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A Brief History of Rome

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Thomas Wheeler

on 15 September 2016

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Transcript of A Brief History of Rome

Etruscans, Romans and More!
Romulus & Remus
A Growing Force
From its founding under 'Romulus' the first 'King' of Rome, and under his successor Numa Pompilius, the city's growth was rapid, leading to the narrative as told again by Livy with the 'Rape of the Sabine Women'.

How does this narrative further expand our understanding of the Roman mindset?

How did Rome feel about itself in comparison to its neighbours?
Birth of the Republic
Common Roman sources and legend suggest that the seventh and last King of Rome, Lucius Tarquinius Superbus was overthrown in the year 509BC after his son committed the now famous 'Rape of Lucretia' and for which the people rose up against the Tarquinians.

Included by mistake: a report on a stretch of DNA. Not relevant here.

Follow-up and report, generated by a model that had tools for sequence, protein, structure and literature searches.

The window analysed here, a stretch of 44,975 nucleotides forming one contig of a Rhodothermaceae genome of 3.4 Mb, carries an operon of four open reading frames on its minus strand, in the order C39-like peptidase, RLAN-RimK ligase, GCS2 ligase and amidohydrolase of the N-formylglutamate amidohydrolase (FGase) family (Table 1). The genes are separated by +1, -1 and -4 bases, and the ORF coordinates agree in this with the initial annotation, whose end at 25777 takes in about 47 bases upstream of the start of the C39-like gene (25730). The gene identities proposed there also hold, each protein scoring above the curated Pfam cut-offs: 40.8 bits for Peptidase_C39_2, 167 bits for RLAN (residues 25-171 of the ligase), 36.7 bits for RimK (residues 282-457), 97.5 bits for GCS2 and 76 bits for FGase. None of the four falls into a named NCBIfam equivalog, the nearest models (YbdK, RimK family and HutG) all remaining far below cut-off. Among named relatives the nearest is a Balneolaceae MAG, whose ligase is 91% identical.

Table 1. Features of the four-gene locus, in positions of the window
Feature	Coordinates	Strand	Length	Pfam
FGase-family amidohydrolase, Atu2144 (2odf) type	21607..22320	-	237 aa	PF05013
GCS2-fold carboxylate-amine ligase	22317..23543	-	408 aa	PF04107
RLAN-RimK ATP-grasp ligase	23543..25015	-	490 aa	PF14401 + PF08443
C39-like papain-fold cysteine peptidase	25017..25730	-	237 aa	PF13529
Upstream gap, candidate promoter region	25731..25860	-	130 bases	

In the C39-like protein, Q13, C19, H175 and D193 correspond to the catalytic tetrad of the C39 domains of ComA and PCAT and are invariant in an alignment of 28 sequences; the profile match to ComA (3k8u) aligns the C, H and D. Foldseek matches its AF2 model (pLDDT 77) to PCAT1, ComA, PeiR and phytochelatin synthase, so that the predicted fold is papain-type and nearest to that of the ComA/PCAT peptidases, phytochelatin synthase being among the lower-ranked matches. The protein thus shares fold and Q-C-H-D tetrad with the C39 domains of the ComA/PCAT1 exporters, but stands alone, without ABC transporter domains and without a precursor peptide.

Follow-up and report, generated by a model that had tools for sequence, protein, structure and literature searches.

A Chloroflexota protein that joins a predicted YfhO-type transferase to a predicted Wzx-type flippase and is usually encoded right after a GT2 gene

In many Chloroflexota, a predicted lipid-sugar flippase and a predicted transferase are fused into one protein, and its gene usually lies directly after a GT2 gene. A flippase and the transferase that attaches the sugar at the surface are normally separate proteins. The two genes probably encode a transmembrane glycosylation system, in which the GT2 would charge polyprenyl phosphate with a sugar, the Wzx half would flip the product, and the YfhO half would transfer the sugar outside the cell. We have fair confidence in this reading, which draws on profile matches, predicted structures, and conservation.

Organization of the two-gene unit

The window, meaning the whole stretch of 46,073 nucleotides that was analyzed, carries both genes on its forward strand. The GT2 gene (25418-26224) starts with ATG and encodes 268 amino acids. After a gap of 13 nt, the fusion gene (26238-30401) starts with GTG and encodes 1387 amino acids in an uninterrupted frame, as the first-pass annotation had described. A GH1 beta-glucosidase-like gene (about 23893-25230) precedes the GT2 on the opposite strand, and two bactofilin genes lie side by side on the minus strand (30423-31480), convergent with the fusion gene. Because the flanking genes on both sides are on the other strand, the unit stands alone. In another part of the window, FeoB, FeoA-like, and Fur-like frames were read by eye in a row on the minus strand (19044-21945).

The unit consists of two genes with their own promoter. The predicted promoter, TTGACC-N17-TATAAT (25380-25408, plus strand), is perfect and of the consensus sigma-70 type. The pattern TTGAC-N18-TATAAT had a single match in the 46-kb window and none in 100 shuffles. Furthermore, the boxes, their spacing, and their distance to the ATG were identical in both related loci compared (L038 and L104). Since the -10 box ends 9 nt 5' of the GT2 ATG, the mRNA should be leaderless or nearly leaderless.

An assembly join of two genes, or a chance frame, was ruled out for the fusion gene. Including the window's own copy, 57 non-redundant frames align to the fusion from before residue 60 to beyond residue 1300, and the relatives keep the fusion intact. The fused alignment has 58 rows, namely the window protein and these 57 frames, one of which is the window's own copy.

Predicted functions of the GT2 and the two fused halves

To fill the legislative gap, the Senate was pushed to the fore, along with increasing numbers of executive elected positions, for the people of Rome to govern themselves. While this was still subject to class differences and ultimately somewhat divisive, the Republican Senate became to be seen as the true symbol of the Roman Republic and an inherent distrust of Kings and Single Leaders grew out of the narratives and re-tellings of their past.
War, War, War...
From the founding of the Republic, Rome went on throughout the 5th, 4th and 3rd Centuries BC to conquer, subjugate or otherwise establish hegemony over the Italian peninsula, wrenching it away from the Etruscans.

While the wars initially were often defensive and reactionary, there is no doubt that they transitioned into a much more imperial nature as time went on.
Triumvirates and the Roman Civil Wars